National Nurses United registered nurse members report ongoing denials of access to Covid-19 testing
Stress fundamental importance of testing to containing virus
Nine months into Covid-19, and with the winter flu season just around the corner, registered nurse members of National Nurses United (NNU), the country’s largest professional association and union of RNs, report that they are routinely denied access by employers to Covid-19 testing -- even after confirmed exposures to Covid-positive patients and after they themselves have tested positive, but want assurances that they are no longer infectious and can return to work.
The U.S. Centers for Disease and Infection Control (CDC) has allowed hospital employers to refuse testing to nurses and other health care workers through severe weakening of its guidance, shifting away from a testing model to one that relies heavily on whether or not workers show symptoms. In addition, the Trump administration has downplayed the need for testing. Given the documented, extremely high percentage of asymptomatic Covid-19 infection rates, nurses believe lack of reliable, widespread, readily available, and free Covid-19 testing for health care and other essential workers, and patients, is a deadly mistake.
Nurses point out that athletes -- such as professional and college basketball, football, baseball players -- are routinely tested, sometimes daily, but health care workers who save lives cannot find out easily if they have Covid. The most recent NNU survey of RNs found that fewer than one quarter of respondents had been tested for Covid-19.
“The fact that players in the NBA or NFL are constantly tested, and nurses and other health care workers are constantly denied tests, sadly highlights our country’s priorities,” said Diane McClure, a post-anesthesia care RN and a board member of the California Nurses Association/National Nurses Organizing Committee, an NNU affiliate. “We value our sports entertainment, but not preventing human suffering and death among essential workers like me.”
McClure said she knows countless, first-hand stories of nurses who have been exposed to Covid-19 at work, but been denied testing. At her hospital, Kaiser Permanente South Sacramento Medical Center, McClure said management very narrowly defines what counts as “exposure” and refuses to test nurses unless all the criteria are met. Even nurses who do meet the threshold for exposure but aren’t showing symptoms are constantly discouraged from testing. “They’re always saying, ‘No, you don’t need to be tested,’ or ‘You should be fine,’” said McClure. “Well, that’s not true. You could be asymptomatic and be transmitting the virus. You would think Kaiser would want to know whether their staff have Covid-19 or not, right? But no. It’s beyond ridiculous.” Some nurses have paid for private testing or resorted to county testing or outside programs to find out if they have Covid-19 after they were denied by their employers.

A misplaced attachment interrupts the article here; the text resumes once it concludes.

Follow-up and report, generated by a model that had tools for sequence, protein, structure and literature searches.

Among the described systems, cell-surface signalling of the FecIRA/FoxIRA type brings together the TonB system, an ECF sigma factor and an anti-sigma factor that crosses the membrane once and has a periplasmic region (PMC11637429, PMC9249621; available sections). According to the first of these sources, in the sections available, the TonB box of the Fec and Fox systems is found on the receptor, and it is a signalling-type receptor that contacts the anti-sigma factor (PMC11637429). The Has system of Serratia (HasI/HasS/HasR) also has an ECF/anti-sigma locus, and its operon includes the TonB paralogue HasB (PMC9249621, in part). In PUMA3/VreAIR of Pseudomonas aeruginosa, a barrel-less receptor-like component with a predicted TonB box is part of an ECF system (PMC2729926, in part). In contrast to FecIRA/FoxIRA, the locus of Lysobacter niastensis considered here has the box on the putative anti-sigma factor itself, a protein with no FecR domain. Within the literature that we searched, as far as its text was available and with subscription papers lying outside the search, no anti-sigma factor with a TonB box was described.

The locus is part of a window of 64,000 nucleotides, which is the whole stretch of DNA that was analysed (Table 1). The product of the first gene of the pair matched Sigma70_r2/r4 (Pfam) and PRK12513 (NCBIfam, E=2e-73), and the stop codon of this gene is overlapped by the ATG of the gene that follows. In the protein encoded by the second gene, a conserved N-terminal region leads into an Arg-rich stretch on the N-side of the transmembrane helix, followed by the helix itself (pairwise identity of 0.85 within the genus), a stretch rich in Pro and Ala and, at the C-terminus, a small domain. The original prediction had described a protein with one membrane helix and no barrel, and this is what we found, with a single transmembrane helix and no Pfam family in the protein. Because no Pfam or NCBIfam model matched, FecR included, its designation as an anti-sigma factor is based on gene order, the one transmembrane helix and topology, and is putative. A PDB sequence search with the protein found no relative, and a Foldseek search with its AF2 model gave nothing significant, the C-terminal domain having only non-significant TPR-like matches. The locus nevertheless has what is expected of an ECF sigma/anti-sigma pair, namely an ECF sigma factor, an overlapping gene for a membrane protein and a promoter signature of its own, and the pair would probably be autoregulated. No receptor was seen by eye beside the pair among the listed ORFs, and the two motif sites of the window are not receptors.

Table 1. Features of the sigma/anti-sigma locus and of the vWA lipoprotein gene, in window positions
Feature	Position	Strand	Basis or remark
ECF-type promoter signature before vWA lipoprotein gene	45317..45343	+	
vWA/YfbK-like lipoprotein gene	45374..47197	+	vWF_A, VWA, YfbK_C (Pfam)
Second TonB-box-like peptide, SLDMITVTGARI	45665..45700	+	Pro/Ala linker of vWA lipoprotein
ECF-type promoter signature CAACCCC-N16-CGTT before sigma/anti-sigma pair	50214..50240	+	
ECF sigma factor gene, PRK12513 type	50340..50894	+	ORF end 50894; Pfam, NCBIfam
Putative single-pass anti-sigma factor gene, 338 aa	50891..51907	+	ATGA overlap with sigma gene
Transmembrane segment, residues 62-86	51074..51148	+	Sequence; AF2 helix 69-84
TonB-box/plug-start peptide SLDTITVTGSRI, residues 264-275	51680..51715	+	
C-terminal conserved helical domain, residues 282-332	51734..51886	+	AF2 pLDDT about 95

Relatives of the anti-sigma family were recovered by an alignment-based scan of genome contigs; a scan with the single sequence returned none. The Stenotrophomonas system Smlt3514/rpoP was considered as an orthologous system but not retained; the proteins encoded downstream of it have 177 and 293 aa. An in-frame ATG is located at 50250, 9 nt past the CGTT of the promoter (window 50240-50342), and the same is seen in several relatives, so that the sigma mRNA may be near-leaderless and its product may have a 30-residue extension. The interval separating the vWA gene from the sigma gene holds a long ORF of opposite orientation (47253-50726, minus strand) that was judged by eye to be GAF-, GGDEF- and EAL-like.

Besides health care and essential workers’ challenges in getting Covid-19 testing, nurses say they are extremely concerned that not all patients are presumed to potentially have Covid-19 unless definitely ruled out either way through testing. Marissa Lee, a labor and delivery RN in Florida and an NNU vice president, said that management justified pregnant women not being tested for Covid at her facility because “pregnant women were immune” to the virus. “Well, they had to walk that back real quick as soon as we learned about our first confirmed pregnant patient,” said Lee.
To learn more about NNU’s positions on and demands about Covid-19 diagnostic testing, please visit this page.